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Lefty just looked right

The Baltimore Sun

Joe Jordan, the Orioles' director of scouting, went to bed Wednesday night knowing which three players would be gone before his turn came up in yesterday's amateur draft. He was on the clock as soon as his head hit the pillow.

The decision was made around 10 a.m., four hours before the draft began. Though intrigued by their other candidate, University of South Carolina first baseman Justin Smoak, the Orioles couldn't pass on University of San Diego left-hander Brian Matusz with the fourth overall pick.

Matusz was 12-2 with a 1.71 ERA and three shutouts in 15 games as a junior this season. He walked 22 and struck out 141 in 105 innings.

"We've seen Brian since he was in high school and followed him. A lot of history," Jordan said. "This was a tough pick, not because I didn't like him, but because we had others we liked a lot as well. But Brian Matusz was a good selection for us."

He also was the first pitcher chosen in the first round since Jordan became director of scouting four years ago.

"He's going to be one of our better pitching prospects when he signs," Jordan said. "We have what we feel is a lot of good prospects and he'll fall into that group somewhere. I expect him to be one of the top prospects that we have once we get him signed, acclimated and once we get him into the organization."

Negotiations with last year's top pick, Georgia Tech catcher Matt Wieters, dragged to within a few minutes of the deadline before the two sides reached agreement. Jordan sounded confident yesterday that securing Matusz, 21, will be much easier.

"I think that it will be a different schedule," Jordan said.

A three-year starter at San Diego, Matusz was 26-8 with a 2.94 ERA and 397 strikeouts in 48 games. He didn't sign with the Los Angeles Angels in 2005 after being chosen in the fourth round.

"I know the Baltimore Orioles have a terrific organization and it's just a really exciting time in my life right now," he said. "I was really unsure where I was going to go. It was definitely hard for me to sleep last night. But I felt really good when the first three picks went by and I saw the Baltimore Orioles up there. Deep down inside, I really thought I had an opportunity to become an Oriole. I knew they had done a great job all year of scouting me."

The draft was loaded with quality position players, including the top three picks - high school shortstop Tim Beckham, Vanderbilt third baseman Pedro Alvarez and high school first baseman Eric Hosmer. But Jordan couldn't resist taking a left-hander widely regarded as the best pitcher in the draft.

"It should tell you how much I liked him," Jordan said. "I just went round-and-round in the last 24 hours. It was back and forth; I had a lot of conversations with the staff. At the end of the day, this thing fits the blueprint of the organization going forward, from the character side, talent side, however you want to look at it."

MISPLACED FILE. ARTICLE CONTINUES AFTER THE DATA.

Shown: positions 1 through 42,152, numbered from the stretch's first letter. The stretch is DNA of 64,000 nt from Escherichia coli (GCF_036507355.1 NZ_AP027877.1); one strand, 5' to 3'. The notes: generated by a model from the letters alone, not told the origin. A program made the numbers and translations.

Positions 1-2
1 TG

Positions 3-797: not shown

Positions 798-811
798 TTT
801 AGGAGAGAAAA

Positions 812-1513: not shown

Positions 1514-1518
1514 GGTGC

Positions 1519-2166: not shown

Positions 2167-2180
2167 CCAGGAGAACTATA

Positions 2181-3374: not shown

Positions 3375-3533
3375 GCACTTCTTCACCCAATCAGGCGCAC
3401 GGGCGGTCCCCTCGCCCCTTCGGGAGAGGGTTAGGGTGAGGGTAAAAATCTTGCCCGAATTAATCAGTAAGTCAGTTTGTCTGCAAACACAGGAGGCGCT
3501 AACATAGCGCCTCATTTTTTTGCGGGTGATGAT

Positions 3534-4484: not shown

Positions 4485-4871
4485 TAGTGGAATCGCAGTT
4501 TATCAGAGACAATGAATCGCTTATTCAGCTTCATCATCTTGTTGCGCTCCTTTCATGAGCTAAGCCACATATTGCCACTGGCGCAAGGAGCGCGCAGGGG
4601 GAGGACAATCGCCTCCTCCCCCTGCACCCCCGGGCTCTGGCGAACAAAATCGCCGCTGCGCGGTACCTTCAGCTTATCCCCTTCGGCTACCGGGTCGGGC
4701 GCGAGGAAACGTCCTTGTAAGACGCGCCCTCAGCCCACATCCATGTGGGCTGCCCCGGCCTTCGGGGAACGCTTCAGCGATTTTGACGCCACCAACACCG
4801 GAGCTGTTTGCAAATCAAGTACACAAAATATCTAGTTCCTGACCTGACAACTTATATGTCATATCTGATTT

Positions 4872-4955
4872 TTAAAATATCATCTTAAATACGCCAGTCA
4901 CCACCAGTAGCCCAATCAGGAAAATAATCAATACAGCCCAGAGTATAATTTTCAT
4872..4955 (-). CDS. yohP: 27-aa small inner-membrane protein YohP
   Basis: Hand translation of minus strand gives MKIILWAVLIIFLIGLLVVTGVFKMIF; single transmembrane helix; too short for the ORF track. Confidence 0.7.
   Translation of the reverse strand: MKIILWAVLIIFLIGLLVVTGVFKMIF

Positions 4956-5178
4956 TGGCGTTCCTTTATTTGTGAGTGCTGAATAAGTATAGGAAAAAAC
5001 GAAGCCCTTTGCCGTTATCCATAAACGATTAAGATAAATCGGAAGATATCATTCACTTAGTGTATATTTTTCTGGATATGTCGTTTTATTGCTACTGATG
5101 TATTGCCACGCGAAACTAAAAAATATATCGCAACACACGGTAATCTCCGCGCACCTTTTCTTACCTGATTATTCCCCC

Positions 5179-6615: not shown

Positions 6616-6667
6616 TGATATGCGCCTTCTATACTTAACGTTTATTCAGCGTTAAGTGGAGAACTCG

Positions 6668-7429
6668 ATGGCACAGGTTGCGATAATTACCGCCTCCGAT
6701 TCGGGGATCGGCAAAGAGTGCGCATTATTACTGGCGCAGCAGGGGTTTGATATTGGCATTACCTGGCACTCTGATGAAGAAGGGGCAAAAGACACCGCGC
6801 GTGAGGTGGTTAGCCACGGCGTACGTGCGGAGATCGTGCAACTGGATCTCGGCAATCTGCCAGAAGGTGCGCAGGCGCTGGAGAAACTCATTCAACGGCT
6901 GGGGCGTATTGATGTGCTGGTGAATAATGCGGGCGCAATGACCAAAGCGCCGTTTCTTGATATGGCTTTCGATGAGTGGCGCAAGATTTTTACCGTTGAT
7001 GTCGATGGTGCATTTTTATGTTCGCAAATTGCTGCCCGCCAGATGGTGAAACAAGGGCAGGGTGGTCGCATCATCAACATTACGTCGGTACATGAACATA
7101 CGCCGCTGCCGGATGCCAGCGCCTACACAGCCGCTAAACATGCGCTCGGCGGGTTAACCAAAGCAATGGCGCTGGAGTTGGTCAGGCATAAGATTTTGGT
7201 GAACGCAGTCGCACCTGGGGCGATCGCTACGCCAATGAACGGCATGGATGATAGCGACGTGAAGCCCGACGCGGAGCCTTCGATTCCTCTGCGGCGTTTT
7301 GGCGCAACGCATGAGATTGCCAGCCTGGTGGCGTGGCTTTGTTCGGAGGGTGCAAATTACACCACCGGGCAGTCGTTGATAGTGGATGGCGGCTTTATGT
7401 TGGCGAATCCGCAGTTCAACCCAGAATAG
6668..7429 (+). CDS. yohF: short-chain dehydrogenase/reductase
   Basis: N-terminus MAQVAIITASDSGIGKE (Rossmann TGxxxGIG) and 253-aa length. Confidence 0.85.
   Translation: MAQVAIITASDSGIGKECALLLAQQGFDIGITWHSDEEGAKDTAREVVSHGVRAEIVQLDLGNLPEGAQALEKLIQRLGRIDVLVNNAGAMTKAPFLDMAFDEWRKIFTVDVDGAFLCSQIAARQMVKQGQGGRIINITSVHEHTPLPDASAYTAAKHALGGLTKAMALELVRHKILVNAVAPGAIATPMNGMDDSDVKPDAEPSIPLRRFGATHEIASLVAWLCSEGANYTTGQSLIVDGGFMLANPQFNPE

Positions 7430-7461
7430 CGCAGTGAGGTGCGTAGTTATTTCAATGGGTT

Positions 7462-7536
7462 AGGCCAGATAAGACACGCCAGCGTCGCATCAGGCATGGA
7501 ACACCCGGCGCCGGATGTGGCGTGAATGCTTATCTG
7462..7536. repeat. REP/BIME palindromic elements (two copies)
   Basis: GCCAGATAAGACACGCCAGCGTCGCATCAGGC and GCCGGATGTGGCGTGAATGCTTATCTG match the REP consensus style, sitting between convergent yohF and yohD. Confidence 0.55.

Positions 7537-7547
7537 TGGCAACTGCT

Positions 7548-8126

Matusz, listed at 6 foot 4 and 200 pounds, is a finalist for the Golden Spikes Award, given to nation's top collegiate player, and has been named the West Coast Conference's Player of the Year. He can throw strikes with all four of his pitches, including a 90-93 mph fastball and plus-changeup and curveball. He also uses a slider.

"He holds velocity, but I think the command of it, mixing it with the changeup, mixing the curve in, the slider, the fastball plays above the velocity," Jordan said. "There are a lot of guys that throw 97 and the other stuff isn't very good and hitters can just gear up for it. His will play above the velocity at times.

"He's an accomplished guy. He's always been a performer. There's really not a lot of downside. The thing that he's done at school that he's needed to do was become more physical. He was a very lean kid coming out of high school. He's just grown and progressed in every way you needed him to do.

"This guy really knows what he's doing. There's going to be a lot of days, as with every pitcher, where you go to the mound and you don't have your best stuff. You have to figure out a way to win. This is a guy that I think has that intangible."

Jordan said he isn't sure where Matusz will begin his professional career.

"I'd like to get out there and start playing as soon as possible," Matusz said. "My No. 1 goal since I started playing baseball is to play in the major leagues, and I've just been taking it step by step."

In the second round, the Orioles selected Xavier Avery of Cedar Grove (Ga.) High, a left-handed-hitting center fielder who signed a letter of intent to attend the University of Georgia, where he would be a running back on the football team. In the third round, they took pitcher/outfielder Jerome Hoes of St. John's (D.C.) High, who had a verbal commitment to the University of North Carolina.

Note -- The Orioles honored former Negro leagues pitcher Bert Simmons, 84, by making him a ceremonial first pick in the

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